Any outstanding invoices that aren’t paid by the end of the year will have to be claimed on the following year’s tax deductions. So if you’re expecting positive net rental income this year, it may be beneficial to pay your contractors, handymen, lawyers, and accountants before the new year. Outstanding invoices left unpaid may begin to negatively impact your property’s cash flow and financial status. 

6. Analyze Utility Costs

Colder weather typically brings higher utility costs as gas, electric, water, and trash collection bills often increase during the winter months. Take the time this season to analyze your monthly utility bills and see if there are opportunities to reduce expenses, including fixing water leaks, installing smart thermostats, and switching to energy-saving light bulbs. 

7. Reassess Your Insurance 

Making sure you have the right policy for your unique real estate investment can be time consuming and stressful. As such, many investors only reassess their landlord insurance coverage when their policies’ terms are coming to an end. Some folks might even have their policies auto-renew without reviewing. So, the new year might be the perfect time for you to take a moment and assess whether your current policy is sufficient in providing protection for your rental property. You can take this time to consider the impact inflation, replacement costs, and other expenses may have had on your finances.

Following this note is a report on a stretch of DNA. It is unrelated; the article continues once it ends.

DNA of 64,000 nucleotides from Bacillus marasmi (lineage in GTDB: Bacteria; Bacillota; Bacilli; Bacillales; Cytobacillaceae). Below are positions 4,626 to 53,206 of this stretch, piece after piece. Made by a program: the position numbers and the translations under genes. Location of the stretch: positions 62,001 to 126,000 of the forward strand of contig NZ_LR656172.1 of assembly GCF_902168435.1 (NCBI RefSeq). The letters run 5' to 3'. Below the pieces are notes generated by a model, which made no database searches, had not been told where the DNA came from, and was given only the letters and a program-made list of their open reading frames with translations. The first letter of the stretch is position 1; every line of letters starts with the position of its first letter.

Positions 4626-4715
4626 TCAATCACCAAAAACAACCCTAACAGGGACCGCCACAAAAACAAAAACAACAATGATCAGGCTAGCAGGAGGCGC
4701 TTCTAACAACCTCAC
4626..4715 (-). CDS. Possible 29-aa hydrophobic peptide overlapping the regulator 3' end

Preparing for the New Year

Getting your real estate investment’s financial ducks in a row prior to the new year can help you move into January with less stress and more confidence. Staying on top of and understanding your financial situation can also ensure that your real estate investment remains profitable while complying with any local, state, and federal regulations. 

If you’re looking to cross reassessing your landlord insurance off your checklist this winter, you can request a quote from Obie. Obie’s simple quote request process can match you with the right insurance for your unique property, making sure your rental property is protected.